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  1. #1
    Join Date
    Dec 2014
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    Unanswered: Need help making a trigger.

    I apologize in advance if this is the wrong board for this. I will move it if asked. The image attached is just a basic layout for the three tables im trying to pull info from.

    Maybe someone can help me. I am trying to make a simple sql database in Visual Studio 2013 for a class project. Three of my tables that my question address are in the picture.

    I have a fourth table that uses CustomerID, HIN, and BoatID as foreign keys to make a printable temporary docking tag with information from those three table.

    Here is what I'm trying to accomplish. I need the code for a trigger in the 4th table that when a user enters a BoatID from the BoatInfo table and a DockID from the DockInfo table it compares the HeightInFeet field from DockInfo with the
    HeightInFeet field from BoatInfo to make sure that the first is taller than the second and so the boat will fit in the dock. If the boat will not fit I want the database to reject that entry. An appropriate error message is not necessary for the
    purposes of the class but might make it look shinier if you want to throw that in too.

    I know this trigger is probably fairly simple to write but I am not very good in SQL and I just want this project over with so I can focus on important finals in classes that actually relate to my degree path. Click image for larger version. 

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  2. #2
    Join Date
    Jan 2007
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    Personally I wouldn't write this in a trigger, but instead handle these rules in the procedure that performs the insert.

    P.S. when asking for help, it is best to show your workings so far i.e. what code have you written yourself as an attempt?
    George
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  3. #3
    Join Date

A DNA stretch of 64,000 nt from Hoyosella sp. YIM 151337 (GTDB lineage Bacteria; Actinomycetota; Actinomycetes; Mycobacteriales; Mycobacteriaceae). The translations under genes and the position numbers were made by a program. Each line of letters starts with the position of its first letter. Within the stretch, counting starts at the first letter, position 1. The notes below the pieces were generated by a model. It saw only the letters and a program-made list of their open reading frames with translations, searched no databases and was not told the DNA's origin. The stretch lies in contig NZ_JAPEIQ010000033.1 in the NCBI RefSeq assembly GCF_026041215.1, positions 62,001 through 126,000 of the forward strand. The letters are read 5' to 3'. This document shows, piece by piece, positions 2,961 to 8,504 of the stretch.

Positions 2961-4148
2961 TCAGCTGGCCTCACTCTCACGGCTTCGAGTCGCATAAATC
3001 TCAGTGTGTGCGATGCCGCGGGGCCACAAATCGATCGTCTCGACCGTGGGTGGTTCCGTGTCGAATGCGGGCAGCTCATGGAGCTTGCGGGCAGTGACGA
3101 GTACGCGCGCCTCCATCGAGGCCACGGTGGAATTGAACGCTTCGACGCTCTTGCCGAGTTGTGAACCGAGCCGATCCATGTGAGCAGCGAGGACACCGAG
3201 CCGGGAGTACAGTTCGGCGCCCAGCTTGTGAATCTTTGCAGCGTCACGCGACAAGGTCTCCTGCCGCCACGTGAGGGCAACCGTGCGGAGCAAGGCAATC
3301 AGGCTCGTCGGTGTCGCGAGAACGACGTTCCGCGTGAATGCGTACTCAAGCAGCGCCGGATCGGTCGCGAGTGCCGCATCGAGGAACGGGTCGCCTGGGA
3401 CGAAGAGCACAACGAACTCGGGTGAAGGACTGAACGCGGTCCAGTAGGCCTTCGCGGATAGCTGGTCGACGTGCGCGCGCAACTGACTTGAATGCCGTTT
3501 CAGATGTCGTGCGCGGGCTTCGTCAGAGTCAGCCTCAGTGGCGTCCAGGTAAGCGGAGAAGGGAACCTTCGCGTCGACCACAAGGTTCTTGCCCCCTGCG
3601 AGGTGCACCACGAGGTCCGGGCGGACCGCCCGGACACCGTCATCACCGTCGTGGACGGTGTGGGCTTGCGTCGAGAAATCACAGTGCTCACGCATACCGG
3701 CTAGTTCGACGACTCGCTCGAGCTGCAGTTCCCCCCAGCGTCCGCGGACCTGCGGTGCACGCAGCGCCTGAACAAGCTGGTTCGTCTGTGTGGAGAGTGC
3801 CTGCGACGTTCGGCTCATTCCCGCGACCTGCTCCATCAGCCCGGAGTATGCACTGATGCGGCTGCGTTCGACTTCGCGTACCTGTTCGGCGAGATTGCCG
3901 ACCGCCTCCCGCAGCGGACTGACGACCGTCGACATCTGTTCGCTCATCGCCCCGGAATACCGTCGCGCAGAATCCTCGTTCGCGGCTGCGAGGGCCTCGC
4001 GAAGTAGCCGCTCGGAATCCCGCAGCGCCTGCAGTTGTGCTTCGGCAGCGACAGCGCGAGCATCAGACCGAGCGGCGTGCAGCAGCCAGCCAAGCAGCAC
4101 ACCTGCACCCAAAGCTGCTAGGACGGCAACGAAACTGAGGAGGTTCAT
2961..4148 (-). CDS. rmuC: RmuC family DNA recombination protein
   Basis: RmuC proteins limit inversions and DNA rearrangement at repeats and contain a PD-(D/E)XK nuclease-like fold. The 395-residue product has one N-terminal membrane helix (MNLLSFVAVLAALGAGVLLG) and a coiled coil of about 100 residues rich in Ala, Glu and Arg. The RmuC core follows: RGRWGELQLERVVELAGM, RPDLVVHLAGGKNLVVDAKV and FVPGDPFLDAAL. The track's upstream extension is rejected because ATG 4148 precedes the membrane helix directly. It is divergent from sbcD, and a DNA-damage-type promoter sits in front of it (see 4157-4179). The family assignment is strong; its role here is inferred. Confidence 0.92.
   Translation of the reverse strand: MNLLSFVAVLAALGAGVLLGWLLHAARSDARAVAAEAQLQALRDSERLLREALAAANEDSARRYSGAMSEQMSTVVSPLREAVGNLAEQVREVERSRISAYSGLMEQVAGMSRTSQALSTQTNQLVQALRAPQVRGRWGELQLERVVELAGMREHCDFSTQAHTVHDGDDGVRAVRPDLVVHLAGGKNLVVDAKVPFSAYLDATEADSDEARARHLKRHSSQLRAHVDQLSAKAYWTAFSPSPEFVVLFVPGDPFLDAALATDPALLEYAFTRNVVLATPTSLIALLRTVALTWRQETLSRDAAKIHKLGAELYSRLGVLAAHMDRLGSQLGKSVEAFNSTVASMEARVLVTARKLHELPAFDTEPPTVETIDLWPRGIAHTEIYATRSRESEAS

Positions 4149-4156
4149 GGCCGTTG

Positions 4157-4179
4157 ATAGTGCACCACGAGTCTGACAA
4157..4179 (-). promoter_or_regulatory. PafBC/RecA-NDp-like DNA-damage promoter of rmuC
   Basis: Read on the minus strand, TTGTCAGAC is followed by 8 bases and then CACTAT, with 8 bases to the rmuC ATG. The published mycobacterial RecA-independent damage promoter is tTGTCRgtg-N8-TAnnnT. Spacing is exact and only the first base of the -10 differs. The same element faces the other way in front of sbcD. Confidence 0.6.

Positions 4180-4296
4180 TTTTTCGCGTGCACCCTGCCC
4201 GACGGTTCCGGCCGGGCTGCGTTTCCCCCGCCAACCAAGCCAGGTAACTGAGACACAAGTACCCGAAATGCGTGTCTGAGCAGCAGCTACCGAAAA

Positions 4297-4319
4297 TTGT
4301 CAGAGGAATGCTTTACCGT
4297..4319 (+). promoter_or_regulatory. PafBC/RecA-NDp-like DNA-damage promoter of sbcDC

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    I would have to disagree with gvee here. If you put the rules in the sproc that inserts data, then every insert and update will have to be done through that sproc or you will have to duplicate the logic in multiple pieces of code. This is a constraint on the data, so it should be kept as close to the data as possible.
    That means either a trigger (clumsy as it might be), or (possibly preferable) an Indexed View with a constraint.
    If it's not practically useful, then it's practically useless.

    blindman
    www.chess.com: "sqlblindman"
    www.LobsterShot.blogspot.com

  4. #4
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    Fair enough Blindman.
    There are plenty of ways to skin this cat, each with their pros and cons!

    I suppose you could even create a check constraint that used a UDF for validation. *shrug*
    George
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  5. #5
    Join Date
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    In my opinion, an ASSERTION would be the best solution if SQL Server supported the ASSERTION syntax from the ISO SQL standard.

    I haven't tested an indexed view with a CHECK CONSTRAINT, but that would be my next choice because it is completely declarative. This efficiently implements what an ASSERTION ought to do. I don't know if this works in any cases, but I know that it fails in all of the ones that I could easily check... I would test this carefully before I depended on it!

    A Trigger is procedural, but it works and does so in every version of SQL Server that I've ever used. While procedural code would drive a purist like Celko or Date mad, a trigger gets the job done and it can do so cleanly and dependably.

    -PatP
    In theory, theory and practice are identical. In practice, theory and practice are unrelated.

  6. #6
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    and indexed views I have found to be onerous to implement and and troublesome in anything but ready only reporting databases.
    “If one brings so much courage to this world the world has to kill them or break them, so of course it kills them. The world breaks every one and afterward many are strong at the broken places. But those that will not break it kills. It kills the very good and the very gentle and the very brave impartially. If you are none of these you can be sure it will kill you too but there will be no special hurry.” Earnest Hemingway, A Farewell To Arms.

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